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Re: Count the amount of times a number appears in a column

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Adam_Kramer
6 - Interface Innovator
6 - Interface Innovator

Hi all,

I have three columns: Member Number, Referrer, and Referrals. I am trying to count how many records contain the Member Number in Referrer, for the Referrals field. In other words, if I have 100 member records, and 5 records have “24” in the Referrer field, I would want the Referrals field in Member Number 24’s record to say 5 (the amount of times they reffered members).

Does this make sense? Any ideas on how to do this?

Thanks so much!
Adam

15 Replies 15

Sure. To do what I did here, you’ll need the script running in a Google Account (either a free Gmail account or a G-Suite account), This will show you how to create a Google Apps Script project which provides a place for the shared script to run.

In my view, this scripted process needs to run every five minutes to tally the totals and update them into Airtable. There doesn’t need to be any dependencies on Zapier - to runs when it does and this script is simply looking at the latest data and performing the computations.

It’s all free and you’ll be amazed once you get something simple runnin.

Thanks Bill - I appreciate your help.

For my application I have a bunch of things that happen when a new record is written to the Users table, and it all revolves around zapier automations, so I really want this part to be triggered in the same way, rather than on a time basis. I can probably figure out how to make that happen once I actually get the script working by using zapier to call the URL of this script deployed as a web app.

My problem right now is I have not been able to make the script work. Your screenshot starts at line 11 and does not run as is - I’m a complete noob in this stuff but seems clear to me that the script will need to start wih something like:

var Airtable = require('airtable');
Airtable.configure({
    endpointUrl: 'https://api.airtable.com',
    apiKey: 'YOUR_API_KEY'
});
var base = Airtable.base('BASE_KEY');

Thanks again for any further help!

Cheers

Okay - I see where you’re hitting a wall.

Calling the URL of any script deployed as a web app requires a web service, not a timed script that executes as I have mentioned before. A web service like this must be deployed to listen for calls from Zapier and it must be publicly accessible and preferably uses an authorization token of some type to avoid POSTs from bad actors and hacker bots.

You can create just such a service using the doPost() method for the ContentService SDK in Google Apps Script. This is probably the best tutorial for this activity.

function doPost(e) {
  // do some stuff with Airtable data...
  return ContentService.createTextOutput("200");
}

In the spot where I indicated, you would use Google Apps Script and the Airtable API to perform some operations to recalculate fields across the rows.

And since Google Apps Script is a blocking architecture, you needn’t actually return the HTTP response code of 200 because you don’t really care about letting Zapier know when the process completes. Rather, you just want Zapier to kick this process off and let it run until complete. As such, the return() statement isn’t even needed.

Essentialy, you are chaining webhooks where this Google Apps Script webhook server will be called by the first webhook server (Zapier). The endpoint of your Google Apps Script webhook server will become apparent as soon as you run through the tutorial and deploy the server. That URL (trails with “…/exec”) will be what you have Zapier call and pas to it a payload of instructions (or not). It you just want it to run, you don’t have to pass anything to it.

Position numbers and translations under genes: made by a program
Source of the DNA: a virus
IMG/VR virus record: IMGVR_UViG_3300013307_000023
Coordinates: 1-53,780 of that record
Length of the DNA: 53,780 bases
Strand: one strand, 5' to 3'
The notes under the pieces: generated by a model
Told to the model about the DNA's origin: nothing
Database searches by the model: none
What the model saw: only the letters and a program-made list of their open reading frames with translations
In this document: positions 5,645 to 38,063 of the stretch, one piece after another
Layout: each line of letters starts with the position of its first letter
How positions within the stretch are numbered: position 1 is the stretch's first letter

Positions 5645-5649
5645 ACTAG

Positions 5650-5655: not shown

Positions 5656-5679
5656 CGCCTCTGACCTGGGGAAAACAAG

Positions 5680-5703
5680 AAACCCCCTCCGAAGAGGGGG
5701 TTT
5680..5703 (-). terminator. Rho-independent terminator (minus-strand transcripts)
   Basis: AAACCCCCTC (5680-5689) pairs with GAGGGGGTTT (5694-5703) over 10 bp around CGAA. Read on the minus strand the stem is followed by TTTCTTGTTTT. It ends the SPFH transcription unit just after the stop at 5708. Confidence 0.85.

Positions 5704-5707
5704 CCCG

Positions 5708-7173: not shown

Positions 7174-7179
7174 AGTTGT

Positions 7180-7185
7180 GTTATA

This part is entirely separate from the above response discussing a webhook server that listens for calls from Zapier. The code I published doesn’t disclose all of the underlying API processes necessary to retrieve and update Airtable records. Below are those functions and you are also free to use the javascript SDK instead.

//
// get airtable (universal)
//
function atGetTable_(baseKey, tableName, logit)
{
  logit = (logit == undefined) ? false : logit;
  const options = {
    method: 'GET',
    headers: {
      'Authorization' : 'Bearer ' + airtableAPIKey,
      'Content-type': 'application/json'
    },
    muteHttpExceptions : true
  };
  var response = UrlFetchApp.fetch(airtableAPIEndpoint + baseKey + "/" + encodeURIComponent(tableName), options).getContentText();
  if (logit)
    Logger.log(response);
  return(response);
}

//
// update airtable (universal)
//
function atUpdateTable_(baseKey, tableName, payload, apiKey)
{
  apiKey = (apiKey == undefined) ? airtableAPIKey : apiKey;
  var options = 
      {
        method: 'PATCH',
        headers: {
          'Authorization' : 'Bearer ' + airtableAPIKey,
          'Content-Type'  : 'application/json'
        },
        payload : JSON.stringify(payload),
        muteHttpExceptions : true,
        followRedirects: true
      };
  // Logger.log(airtableAPIEndpoint + baseKey + "/" + encodeURIComponent(tableName));
  var response = UrlFetchApp.fetch(airtableAPIEndpoint + baseKey + "/" + encodeURIComponent(tableName), options).getContentText();
  return(response);
}
Richard_Foxwort
7 - App Architect
7 - App Architect

Thanks Bill, I really appreciate your help.

I’ll let you know how I go with putting these pieces together!

Rob_Tucker
4 - Data Explorer
4 - Data Explorer

This seems like such a simple task but in practice is ridiculously complex. is this still the case three years on? As I am looking for the same solution. I am currently looking to move some excel data to airtable but it is so far not near impossible. Simple things like ‘CountIf’ require hugely complex external scripts.